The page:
7. JK says

    RobertSeattle-The Marriage Penalty is $3,244 in the situation you presented not $198.
    I agree with Shawn. The reason people are upset is that if you live together you would pay $3,000 less in taxes than if married.

  8. Mark says

    I’m married and last year I didn’t have to pay AMT. This year our income didn’t change by much but I now have to pay AMT. So any extra income Obama threw in our paychecks is going right back to him in April. I would have not accepted his lousy gift since he is just an Indian giver!

    I thought AMT was for millionaires. I’m now paying AMT so show me my mansion, yacht, and lear jet!

  9. some miss the point says

    Some are missung the point about the marriage penalty, it;s a double dip. Not only is the tax rate higher, but you also lose deductions. So someone like me with six kids, pays more and has loses those deductions. Also the rate dropping after $433K is totally inconsistent with the ability to pay theory that our tax code is founded on. So again, the aristocracy in congress, are hypocrits. Why does this happen? Take a look at their tax returns, it’s public record, most are millionaires, and if yo uhad a lot of money, and you passed the laws, who would you tax? Yourself? or The people that elected you and you are supposed to represent?

  10. jim says

    I have been falling under the AMT for the last several years. I have two kids (not six !), nonetheless, I live in Long Island where my property taxes are quite substantial for a modest house. My wife and I are quite hard working and i find it very disheartening to loose nearly 50% of my pay to “taxes” whether it be state, local or federal in nature. My principals have stopped me from forming a Limited Partnership or corporation, but now I am starting to feel quite strongly about protecting the money i earn for my wife and family. I am wondering what my options are.

  11. J. Simmons says

    If I end up having to pay this tax because my spouise and I make 200K/year, while some trailor park skank can stay home and collect a tax free welfare check, I’m going to go absolutely postal. This country is unbelievable, keep penalizing us for educating ourselves, working hard, and keeping this economy afloat. Who in the hell is running this show?!

  12. JD says

    We live in Illinois, pay state income tax and high real estate tax, and have been hit with amt for last 4 years. It really is the state and real estate tax exclusion from the amt calculation that causes us to go into the amt rate at 35% (our income is in the $250 range. We are married with 3 children (2 in college) and nearing 50. I am quessing we’re in the same income tax bracket at Oprah….hmmm. If there’s going to be a progressive tax system, then spread it out.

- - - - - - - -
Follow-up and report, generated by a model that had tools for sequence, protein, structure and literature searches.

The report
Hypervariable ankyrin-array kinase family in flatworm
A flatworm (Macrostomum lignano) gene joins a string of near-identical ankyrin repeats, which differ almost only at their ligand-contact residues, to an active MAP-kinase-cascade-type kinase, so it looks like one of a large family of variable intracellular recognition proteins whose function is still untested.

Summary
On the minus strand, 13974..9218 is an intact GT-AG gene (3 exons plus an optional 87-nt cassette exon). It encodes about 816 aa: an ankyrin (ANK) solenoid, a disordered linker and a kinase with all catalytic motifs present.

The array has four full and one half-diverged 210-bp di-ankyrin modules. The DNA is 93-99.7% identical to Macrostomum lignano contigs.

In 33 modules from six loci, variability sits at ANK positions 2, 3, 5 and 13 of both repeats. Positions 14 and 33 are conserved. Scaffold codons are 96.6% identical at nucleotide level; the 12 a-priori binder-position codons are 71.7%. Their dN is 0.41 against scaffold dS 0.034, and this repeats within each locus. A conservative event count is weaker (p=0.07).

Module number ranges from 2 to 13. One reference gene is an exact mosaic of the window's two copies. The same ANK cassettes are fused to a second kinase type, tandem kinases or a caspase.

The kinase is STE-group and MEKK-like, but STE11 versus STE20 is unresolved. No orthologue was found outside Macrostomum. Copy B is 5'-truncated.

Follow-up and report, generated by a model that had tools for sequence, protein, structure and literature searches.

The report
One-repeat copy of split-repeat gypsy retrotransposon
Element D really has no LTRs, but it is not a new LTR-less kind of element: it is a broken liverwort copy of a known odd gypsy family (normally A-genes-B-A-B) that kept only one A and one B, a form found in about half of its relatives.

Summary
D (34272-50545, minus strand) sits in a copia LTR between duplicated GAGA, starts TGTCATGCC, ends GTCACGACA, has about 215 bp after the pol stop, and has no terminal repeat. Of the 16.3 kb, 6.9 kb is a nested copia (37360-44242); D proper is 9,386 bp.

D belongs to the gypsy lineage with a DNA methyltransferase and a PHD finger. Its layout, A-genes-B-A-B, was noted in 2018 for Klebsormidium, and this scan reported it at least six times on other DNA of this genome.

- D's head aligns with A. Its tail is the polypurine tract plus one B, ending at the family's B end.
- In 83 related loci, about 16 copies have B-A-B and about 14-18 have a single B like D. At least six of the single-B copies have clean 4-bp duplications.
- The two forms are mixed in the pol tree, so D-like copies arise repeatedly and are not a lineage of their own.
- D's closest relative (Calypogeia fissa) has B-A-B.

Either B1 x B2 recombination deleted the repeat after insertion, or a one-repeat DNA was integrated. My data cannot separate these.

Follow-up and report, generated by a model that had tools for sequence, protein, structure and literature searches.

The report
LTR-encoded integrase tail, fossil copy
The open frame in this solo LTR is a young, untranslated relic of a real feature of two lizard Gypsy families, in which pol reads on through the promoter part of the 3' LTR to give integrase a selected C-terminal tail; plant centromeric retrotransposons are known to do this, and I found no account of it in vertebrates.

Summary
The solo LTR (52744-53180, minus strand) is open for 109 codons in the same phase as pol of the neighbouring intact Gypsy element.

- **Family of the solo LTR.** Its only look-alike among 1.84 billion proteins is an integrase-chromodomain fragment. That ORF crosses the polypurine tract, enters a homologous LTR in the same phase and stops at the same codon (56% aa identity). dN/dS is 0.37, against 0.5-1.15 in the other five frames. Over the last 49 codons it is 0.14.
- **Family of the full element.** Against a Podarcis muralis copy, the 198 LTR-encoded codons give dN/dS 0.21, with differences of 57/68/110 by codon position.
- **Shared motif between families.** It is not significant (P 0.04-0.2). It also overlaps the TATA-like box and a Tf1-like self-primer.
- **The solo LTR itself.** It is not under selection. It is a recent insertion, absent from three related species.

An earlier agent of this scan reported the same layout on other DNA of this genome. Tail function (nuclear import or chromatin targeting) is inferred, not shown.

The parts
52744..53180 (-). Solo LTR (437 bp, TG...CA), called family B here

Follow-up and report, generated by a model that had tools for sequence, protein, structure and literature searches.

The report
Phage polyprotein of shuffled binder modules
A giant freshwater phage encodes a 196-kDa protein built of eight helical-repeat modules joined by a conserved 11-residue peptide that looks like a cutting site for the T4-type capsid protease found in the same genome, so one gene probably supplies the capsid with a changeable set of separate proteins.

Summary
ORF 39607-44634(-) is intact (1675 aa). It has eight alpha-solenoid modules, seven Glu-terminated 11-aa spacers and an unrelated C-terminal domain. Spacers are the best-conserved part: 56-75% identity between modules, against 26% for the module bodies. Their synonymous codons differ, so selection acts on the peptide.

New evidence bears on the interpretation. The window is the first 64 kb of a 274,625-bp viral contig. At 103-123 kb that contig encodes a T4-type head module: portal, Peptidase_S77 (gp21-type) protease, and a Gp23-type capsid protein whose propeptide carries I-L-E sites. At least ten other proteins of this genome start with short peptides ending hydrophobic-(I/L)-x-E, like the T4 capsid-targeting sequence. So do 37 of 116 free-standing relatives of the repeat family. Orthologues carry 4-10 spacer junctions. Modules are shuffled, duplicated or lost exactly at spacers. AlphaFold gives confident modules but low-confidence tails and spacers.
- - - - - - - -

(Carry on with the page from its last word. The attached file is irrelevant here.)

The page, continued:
13. XP says

    The AMT was supposed to be aimed at the wealthy who don’t make their money from a regular job and claim too many deductions, costing society. Since they live in this great society and have prospered beyond what they reasonably need to survive, it seems fair that they give back to this society that made them wealthy so that others can go to school, roads can be maintained, and small businesses can grow into bigger ones and the whole of society is brought up, etc. But in this country that is seen as a bad thing. And now the AMT has been brought down on the middle class. You can thank both of the major parties for this…they are equally guilty because they are all politicians for the wealthy…a plutocracy that aggressively protects the plutonomy that they have created. Its not fair, I know. But TIA (this is America). This is what we said we wanted through our votes and hatred for taxes. Deal with it.

  14. taxed says

    Looks like it is a great idea for married couples to get a legal divorce and still live together (not sure whether my spouse would agree to it!)

  15. Matt says

    A bit late to the party, but while there are complaints about marriage penalties in taxes, we have other subsidies for married couples that single people do not get.

    Health insurance is a good example. Family/couples policies are usually cheaper per person than single person rates.

    Also, married couples can transfer wealth to each other without gift or estate taxes. Things like survivor benefits for pensions and social security are also designed for married couple and singles cannot benefit similarly.

    So it’s important to consider the full cash-flow statements related to married vs. single.

    But there’s no debate that the AMT is designed to tax people who have children, own their homes, and live states with high local taxes. This is particularly why it hits the middle class hardest. In fact, the wealthiest don’t pay the AMT at all since the tend not to trigger it due to their high taxes in the regular tax system.

    So in essence, the AMT is a tax for the upper middle class and not the wealthiest among us. Ironic.